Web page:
# Polyglot Data Science with IPython & friends¶

Author: Fernando Pérez.

A demonstration of how to use Python, Julia, Fortran and R cooperatively to analyze data, in the same process.

This is supported by the IPython kernel and a few extensions that take advantage of IPython's magic system to provide low-level integration between Python and other languages.

See the companion notebook for data preparation and setup.

Used for a lecture at the Berkeley Institute for Data Science. The lecture video has a live demo of this material.

In :
%matplotlib inline
import matplotlib.pyplot as plt
import numpy as np
import pandas as pd
import seaborn as sns

In :
plt.style.use("seaborn")
plt.rcParams["figure.figsize"] = (10, 6)
sns.set_context("talk", font_scale=1.4)


Let's begin by reading our dataset and having a quick look:

In :
data = pd.read_csv('data.csv')
print(data.shape)

(300, 2)

Out:
x y
0 0.000000 0.094287
1 0.021014 -0.216828
2 0.042028 0.329982

Ah, it looks like we have a quantitative dataset with $(x,y)$ pairs - a scatterplot is a decent starting point to get a feel for these data:

In :
data.plot.scatter(x='x', y='y'); Mmh, what to do?

Let's try to build a simple linear model for these data, with some features we'll extract from the data. There's probably:

• a linear dependence
• something that looks broadly non-linear, let's say quadratic, to keep things simple
• and maybe an oscillatorty term: but it looks a bit like a chirp, not a simple sinusoid. Again, simplest non-linear choice: quadratic frequency dependency.

In summary, let's try

$$y \sim \theta_1 x + \theta_2 x^2 + \theta_3 \sin(x^2)$$

## Oh boy! Complicated data, Julia to the rescue...¶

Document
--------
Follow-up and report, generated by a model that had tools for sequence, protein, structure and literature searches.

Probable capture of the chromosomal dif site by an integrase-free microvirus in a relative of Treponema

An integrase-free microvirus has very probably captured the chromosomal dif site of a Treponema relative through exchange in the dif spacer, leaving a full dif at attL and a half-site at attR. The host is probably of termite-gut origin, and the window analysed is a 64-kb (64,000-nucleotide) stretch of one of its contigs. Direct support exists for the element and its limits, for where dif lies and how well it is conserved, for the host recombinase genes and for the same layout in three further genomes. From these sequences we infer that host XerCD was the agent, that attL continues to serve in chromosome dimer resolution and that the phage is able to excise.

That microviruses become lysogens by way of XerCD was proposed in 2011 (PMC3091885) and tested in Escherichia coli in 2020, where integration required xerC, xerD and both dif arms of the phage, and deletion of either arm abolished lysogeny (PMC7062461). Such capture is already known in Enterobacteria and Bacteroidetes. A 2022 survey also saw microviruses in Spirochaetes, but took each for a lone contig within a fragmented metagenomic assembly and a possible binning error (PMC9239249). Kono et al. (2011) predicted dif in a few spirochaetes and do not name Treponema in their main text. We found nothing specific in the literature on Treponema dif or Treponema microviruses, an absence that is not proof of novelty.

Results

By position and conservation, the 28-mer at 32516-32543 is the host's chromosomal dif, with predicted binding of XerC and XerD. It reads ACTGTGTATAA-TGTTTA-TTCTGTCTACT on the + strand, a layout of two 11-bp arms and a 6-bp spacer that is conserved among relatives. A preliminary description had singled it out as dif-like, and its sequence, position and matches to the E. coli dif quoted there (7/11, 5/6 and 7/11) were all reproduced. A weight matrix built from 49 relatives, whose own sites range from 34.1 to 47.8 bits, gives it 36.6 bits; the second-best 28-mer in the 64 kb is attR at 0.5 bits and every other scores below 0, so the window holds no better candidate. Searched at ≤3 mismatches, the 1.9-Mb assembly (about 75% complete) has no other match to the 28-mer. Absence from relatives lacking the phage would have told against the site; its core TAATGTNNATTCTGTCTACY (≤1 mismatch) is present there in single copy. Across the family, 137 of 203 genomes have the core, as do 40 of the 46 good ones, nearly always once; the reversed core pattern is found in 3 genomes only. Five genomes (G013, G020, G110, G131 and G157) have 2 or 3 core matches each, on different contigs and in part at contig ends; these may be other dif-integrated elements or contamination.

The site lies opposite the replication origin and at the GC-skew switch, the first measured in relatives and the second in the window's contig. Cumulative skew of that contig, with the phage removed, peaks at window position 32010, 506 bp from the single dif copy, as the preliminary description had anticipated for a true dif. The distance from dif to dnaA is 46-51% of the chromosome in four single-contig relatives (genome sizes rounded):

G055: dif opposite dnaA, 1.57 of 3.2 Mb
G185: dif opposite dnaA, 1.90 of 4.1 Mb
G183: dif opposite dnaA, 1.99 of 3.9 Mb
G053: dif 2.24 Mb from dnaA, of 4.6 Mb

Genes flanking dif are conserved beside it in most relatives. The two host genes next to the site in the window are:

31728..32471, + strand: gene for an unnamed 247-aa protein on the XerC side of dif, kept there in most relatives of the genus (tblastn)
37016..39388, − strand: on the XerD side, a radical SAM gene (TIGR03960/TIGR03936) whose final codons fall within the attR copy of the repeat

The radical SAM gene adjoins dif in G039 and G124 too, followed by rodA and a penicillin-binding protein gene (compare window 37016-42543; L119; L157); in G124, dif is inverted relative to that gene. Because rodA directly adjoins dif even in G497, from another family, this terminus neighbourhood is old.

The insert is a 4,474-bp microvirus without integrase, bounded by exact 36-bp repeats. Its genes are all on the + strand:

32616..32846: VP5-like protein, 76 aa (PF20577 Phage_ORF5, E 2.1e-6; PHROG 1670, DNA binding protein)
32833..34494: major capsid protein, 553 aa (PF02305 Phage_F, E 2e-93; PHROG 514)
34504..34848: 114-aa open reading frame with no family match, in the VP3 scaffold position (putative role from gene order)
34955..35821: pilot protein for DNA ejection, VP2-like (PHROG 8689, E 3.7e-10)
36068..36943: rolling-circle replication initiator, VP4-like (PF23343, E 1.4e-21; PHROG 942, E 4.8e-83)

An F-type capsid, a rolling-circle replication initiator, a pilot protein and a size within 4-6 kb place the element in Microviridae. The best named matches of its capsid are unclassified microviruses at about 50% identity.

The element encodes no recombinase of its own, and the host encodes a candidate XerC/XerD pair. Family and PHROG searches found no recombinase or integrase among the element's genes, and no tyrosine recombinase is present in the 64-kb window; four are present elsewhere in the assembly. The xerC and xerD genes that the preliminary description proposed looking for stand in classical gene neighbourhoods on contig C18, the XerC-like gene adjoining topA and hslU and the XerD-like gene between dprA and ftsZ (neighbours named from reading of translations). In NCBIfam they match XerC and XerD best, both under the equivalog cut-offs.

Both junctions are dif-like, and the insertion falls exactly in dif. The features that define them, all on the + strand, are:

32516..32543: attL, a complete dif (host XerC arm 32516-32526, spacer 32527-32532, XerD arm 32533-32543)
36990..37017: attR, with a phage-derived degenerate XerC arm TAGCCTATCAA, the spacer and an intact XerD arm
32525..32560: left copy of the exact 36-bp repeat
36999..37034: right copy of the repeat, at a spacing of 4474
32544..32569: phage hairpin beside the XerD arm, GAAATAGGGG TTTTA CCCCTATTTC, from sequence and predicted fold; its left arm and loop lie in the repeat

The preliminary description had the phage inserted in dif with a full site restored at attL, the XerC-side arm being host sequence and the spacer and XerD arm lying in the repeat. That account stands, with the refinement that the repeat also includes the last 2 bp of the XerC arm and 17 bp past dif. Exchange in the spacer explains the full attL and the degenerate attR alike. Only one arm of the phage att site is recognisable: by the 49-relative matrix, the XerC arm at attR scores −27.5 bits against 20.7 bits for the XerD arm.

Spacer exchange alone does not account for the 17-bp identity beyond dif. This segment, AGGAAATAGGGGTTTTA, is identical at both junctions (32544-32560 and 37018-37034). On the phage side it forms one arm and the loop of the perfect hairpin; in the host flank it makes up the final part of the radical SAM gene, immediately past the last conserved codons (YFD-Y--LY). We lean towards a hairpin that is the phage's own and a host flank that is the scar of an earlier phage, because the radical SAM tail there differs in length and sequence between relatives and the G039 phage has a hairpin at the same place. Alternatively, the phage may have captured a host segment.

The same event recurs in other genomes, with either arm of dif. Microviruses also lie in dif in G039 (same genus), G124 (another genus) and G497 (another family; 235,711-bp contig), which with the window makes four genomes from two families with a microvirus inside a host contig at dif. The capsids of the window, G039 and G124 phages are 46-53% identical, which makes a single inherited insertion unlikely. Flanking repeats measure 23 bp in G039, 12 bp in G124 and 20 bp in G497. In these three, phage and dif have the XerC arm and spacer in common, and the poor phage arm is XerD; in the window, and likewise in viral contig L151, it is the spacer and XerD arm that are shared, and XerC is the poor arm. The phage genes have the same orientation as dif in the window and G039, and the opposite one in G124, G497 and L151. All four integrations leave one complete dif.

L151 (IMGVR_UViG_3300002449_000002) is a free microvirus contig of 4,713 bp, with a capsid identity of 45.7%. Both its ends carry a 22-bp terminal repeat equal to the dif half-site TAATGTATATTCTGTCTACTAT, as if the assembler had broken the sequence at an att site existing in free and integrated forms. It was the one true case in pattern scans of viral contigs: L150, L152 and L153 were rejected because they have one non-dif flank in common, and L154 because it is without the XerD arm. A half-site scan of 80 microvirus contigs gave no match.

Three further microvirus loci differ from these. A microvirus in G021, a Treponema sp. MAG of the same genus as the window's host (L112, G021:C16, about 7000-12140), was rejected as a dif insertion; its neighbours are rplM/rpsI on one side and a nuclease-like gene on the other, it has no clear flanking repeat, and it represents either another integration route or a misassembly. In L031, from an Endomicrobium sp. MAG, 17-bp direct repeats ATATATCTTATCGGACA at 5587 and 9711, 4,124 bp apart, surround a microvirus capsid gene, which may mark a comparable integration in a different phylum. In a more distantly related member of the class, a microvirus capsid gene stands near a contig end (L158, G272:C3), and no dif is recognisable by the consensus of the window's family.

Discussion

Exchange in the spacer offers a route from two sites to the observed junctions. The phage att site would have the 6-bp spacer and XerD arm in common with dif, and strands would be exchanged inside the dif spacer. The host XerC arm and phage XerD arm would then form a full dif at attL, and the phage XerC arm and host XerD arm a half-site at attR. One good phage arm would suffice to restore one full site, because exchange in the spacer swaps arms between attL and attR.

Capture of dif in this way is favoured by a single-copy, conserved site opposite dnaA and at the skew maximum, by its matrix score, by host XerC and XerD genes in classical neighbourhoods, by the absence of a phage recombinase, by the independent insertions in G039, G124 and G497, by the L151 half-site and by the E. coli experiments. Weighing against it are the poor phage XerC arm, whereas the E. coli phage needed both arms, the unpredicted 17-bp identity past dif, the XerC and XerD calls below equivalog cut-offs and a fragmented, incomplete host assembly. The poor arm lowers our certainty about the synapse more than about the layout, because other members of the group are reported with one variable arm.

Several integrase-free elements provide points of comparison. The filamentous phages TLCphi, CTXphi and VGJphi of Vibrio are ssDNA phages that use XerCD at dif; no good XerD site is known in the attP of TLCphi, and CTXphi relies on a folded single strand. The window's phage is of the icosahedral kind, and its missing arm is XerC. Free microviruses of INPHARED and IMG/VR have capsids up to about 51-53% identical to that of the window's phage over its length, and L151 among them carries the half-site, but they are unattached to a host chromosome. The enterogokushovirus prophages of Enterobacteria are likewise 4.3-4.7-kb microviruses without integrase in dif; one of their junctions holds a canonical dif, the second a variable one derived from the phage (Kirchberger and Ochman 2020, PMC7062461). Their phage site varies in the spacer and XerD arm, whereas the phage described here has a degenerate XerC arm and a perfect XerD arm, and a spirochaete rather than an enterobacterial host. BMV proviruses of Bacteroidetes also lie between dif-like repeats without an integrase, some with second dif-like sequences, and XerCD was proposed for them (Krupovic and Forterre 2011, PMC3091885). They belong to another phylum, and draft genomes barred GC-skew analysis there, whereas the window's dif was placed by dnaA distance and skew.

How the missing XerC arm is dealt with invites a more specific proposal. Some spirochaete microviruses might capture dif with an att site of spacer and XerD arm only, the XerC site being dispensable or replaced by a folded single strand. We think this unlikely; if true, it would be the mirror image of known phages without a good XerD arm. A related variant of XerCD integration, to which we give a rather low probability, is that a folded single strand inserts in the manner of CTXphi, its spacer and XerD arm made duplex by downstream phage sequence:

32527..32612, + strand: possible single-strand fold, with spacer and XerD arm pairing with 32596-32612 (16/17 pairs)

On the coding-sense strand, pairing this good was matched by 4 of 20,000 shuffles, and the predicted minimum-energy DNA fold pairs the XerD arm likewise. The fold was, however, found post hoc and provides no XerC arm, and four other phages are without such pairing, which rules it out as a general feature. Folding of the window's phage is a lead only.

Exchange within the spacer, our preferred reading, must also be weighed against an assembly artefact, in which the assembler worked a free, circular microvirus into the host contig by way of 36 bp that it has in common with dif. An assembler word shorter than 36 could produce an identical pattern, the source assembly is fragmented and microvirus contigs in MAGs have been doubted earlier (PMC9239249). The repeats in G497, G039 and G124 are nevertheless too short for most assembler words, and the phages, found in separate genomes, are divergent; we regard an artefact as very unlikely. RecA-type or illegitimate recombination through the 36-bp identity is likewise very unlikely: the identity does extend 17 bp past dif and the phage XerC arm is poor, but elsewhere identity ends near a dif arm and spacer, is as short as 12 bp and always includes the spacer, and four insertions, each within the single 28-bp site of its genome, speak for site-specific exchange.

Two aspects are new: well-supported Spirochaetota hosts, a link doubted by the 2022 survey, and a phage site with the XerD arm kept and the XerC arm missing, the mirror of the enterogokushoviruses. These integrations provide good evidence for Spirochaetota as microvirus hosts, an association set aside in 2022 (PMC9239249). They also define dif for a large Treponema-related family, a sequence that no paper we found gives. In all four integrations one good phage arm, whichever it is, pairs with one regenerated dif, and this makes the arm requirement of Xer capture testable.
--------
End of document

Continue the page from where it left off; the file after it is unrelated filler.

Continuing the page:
Maybe Julia can help us efficiently compute that nasty non-linear feature, $x^2$?

In :
%load_ext julia.magic

Initializing Julia interpreter. This may take some time...

In :
jxsq = %julia xsq(x) = x.^2  # Simplest way to define a function in Julia


We've defined the function xsq in Julia, and in Python we have it available as jxsq, which we can call as a normal Python function:

In :
x = data['x']
f2 = jxsq(x)
x.shape == f2.shape  # simple sanity check

Out:
True

# More complicated features, we need performance...¶

## Fortran can help us!¶

Let's use this oldie but goodie to assist in the task of estimating our next non-linear feature, $\sin(x^2)$:

In :
%load_ext fortranmagic

/Users/fperez/.local/lib/python3.6/site-packages/fortranmagic.py:147: UserWarning: get_ipython_cache_dir has moved to the IPython.paths module since IPython 4.0.
self._lib_dir = os.path.join(get_ipython_cache_dir(), 'fortran')

In :
%%fortran
subroutine sinx2(x, y, n)
real, intent(in), dimension(n) :: x
real, intent(out), dimension(n) :: y
!intent(hide) :: n
y = sin(x**2)
end subroutine sinx2


Now, sinx2 can be used as a plain Python function too:

In :
f3 = sinx2(x)
f3.shape == x.shape  # same sanity check

Out:
True

# Statistical modeling? Maybe R can do that??¶

We now have our data y and our features $x$, $f_2 = x^2$ and $f_3 = \sin(x^2)$. This is a classic linear modeling problem, and R is awesome at fitting those!

Let's put our features together in a nice design matrix and load up R:

In :
A = np.column_stack([x, f2, f3])